In our global macro chartbook for September, we summarise our views on current global themes and asset markets. This month, we focus on the further momentum in the world economy; the great rotation in global credit risks; and highlight results from our latest Global Scenario Service, including North Korea.
A 1% monthly rise in retail sales volumes in August was the strongest in four months and capped the first run of three consecutive monthly gains in volumes since 2015.
Admittedly, retail price inflation picked up in the month, suggesting consumers are not out of the woods yet. But August’s growth in sales leaves the retail sector in good stead to make a positive contribution to GDP growth in Q3.
Recent data has been somewhat mixed, but the on-going European recovery and strong domestic fundamentals support a solid outlook for Q3 and Q4. Growth should only slow slightly from the elevated levels in H1 and remain broad-based. At 2.1% GDP growth in 2017 should be the highest since 2011 with the post-election tax cuts posing small upside risks to our 2018 forecast (2.0%).
Housing starts slipped 0.8% in August to a SAAR of 1.180 million. The impact of Hurricane Harvey on housing starts was limited, although Harvey had a bigger impact on housing completions. Building permits increased due to a 19.6% spike in multi-family permits, suggesting there is still some momentum in the multi-family sector.
Angela Merkel is virtually guaranteed a fourth term in office after Sunday’s election. The question now is whether the complacent and dull election campaign is a taste of what’s in store for the next four years and we are pretty sure it is. Our analysis shows that even the promised tax cuts and some spending increases – about 0.5% of GDP – are likely to lack impact and focus.
Merkel’s CDU is unlikely to command an absolute majority and for now we have few indications who the preferred coalition partner is. Another grand coalition with the Social Democrats (SPD) is quite possible. But none of the possible coalitions would suggest ground-breaking change. Voters are mostly concerned about immigrants and integration, but the mainstream parties offer little policy differentiation on these.
Germany has plenty of long-term challenges that need addressing, including a demographic time bomb and European integration. The fact that the economy is in excellent shape though makes it easy enough for politicians to avoid addressing them for now. Instead, they have opted for popular quick fixes which a healthy surplus allows them to do. Most mainstream parties are dangling the carrot of lowering income tax and higher spending.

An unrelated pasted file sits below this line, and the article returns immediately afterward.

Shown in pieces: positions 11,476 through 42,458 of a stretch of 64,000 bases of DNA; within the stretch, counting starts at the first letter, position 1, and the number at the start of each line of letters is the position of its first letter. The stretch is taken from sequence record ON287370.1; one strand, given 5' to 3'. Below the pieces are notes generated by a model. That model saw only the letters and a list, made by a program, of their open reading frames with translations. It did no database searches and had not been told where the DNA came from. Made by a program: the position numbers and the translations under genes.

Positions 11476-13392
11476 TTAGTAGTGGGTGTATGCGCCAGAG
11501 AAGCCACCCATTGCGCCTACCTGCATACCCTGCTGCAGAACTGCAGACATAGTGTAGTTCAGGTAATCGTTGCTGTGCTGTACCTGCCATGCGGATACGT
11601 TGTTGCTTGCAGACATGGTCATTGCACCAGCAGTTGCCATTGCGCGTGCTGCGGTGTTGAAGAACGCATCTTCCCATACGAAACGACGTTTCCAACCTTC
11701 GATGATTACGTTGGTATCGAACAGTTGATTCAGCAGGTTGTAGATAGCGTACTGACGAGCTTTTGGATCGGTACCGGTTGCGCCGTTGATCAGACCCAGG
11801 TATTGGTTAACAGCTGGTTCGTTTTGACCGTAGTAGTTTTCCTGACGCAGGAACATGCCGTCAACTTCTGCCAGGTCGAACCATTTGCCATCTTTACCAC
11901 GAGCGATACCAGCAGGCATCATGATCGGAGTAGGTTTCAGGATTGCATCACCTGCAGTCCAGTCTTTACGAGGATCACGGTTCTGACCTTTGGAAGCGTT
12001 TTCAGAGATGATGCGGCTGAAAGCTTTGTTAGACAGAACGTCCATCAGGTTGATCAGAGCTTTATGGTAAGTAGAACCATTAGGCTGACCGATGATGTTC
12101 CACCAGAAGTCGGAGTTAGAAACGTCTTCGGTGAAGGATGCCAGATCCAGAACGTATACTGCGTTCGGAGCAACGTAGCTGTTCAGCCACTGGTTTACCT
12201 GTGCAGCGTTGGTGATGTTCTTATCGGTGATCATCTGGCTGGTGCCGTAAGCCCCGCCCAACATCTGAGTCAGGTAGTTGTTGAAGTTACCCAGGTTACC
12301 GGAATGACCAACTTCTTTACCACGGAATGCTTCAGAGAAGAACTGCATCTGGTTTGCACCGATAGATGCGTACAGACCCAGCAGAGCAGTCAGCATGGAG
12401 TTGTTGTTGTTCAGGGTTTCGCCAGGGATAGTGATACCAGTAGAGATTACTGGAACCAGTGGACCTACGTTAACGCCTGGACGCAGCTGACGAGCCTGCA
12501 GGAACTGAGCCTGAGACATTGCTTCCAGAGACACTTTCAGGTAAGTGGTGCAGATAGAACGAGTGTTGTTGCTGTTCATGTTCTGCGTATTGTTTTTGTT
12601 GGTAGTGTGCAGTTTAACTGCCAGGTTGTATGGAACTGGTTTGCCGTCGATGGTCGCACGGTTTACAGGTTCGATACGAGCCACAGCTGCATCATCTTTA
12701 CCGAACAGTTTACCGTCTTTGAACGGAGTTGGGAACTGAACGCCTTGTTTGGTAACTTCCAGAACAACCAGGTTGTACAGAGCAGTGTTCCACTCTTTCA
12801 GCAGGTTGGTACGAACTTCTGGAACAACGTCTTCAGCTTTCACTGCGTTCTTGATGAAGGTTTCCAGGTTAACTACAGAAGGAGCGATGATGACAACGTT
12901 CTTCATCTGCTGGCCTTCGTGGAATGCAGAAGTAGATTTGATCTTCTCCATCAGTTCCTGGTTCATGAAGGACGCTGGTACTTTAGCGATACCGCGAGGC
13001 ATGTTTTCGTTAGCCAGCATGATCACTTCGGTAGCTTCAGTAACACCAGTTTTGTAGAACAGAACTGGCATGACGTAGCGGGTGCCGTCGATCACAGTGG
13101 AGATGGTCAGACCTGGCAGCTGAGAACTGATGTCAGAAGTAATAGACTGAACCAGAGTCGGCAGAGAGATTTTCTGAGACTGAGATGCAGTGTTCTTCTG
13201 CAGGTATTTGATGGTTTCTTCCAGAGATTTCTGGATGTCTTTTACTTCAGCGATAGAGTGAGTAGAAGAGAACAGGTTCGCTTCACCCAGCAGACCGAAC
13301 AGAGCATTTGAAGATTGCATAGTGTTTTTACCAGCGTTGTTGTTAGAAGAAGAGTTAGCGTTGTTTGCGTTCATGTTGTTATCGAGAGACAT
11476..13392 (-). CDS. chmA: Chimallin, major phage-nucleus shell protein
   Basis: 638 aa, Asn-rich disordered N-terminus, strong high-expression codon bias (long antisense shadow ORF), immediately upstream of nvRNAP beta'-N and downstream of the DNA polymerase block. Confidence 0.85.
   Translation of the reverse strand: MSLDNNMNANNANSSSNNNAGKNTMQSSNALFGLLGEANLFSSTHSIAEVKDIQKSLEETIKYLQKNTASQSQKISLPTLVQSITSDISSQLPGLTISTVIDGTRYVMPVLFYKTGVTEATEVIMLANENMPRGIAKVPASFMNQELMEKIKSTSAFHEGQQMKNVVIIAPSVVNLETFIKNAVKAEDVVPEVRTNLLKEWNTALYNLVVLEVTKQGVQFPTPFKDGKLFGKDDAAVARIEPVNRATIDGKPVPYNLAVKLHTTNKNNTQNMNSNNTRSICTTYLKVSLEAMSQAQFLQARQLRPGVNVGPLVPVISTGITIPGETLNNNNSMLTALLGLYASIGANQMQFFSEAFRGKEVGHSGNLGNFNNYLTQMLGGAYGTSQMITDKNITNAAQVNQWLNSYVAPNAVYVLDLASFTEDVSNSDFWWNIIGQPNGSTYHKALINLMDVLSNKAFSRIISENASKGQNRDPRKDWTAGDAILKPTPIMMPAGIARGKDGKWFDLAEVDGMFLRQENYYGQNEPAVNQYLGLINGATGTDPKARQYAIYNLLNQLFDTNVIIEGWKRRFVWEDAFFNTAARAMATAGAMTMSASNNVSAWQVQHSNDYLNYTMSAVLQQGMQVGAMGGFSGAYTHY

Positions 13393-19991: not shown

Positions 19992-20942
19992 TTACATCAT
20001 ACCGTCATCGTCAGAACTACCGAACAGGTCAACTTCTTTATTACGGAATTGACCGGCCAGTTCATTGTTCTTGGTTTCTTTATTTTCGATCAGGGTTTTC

This will give the German economy a moderate fiscal boost (which cyclically it doesn’t even need) and provides some modest upside risks to our private consumption forecast for 2018. But coupled with a closed output gap and labour shortages, this is more likely to raise price pressure and increase imports than significantly benefit the domestic economy. Lower fiscal surpluses and more imports might shush some of the international criticism of German economic policy.
The pressure on China’s FX reserves has eased considerably since the start of this year, underpinned by a reduction in financial outflows and a globally weaker US$, which has taken the pressure off the CNY and boosted the value of non-dollar reserve assets.
In our baseline scenario, with the US$ remaining weak globally, we now expect the CNY/US$ rate to strengthen somewhat further to 6.5 (from 6.6 previously) by end-2017 and to continue appreciating modestly in 2018. We do not expect a material relaxation of the policy stance on outflows any time soon, given still sizeable net financial capital outflows. In all, we expect FX reserves to remain broadly constant over the coming 6-9 months.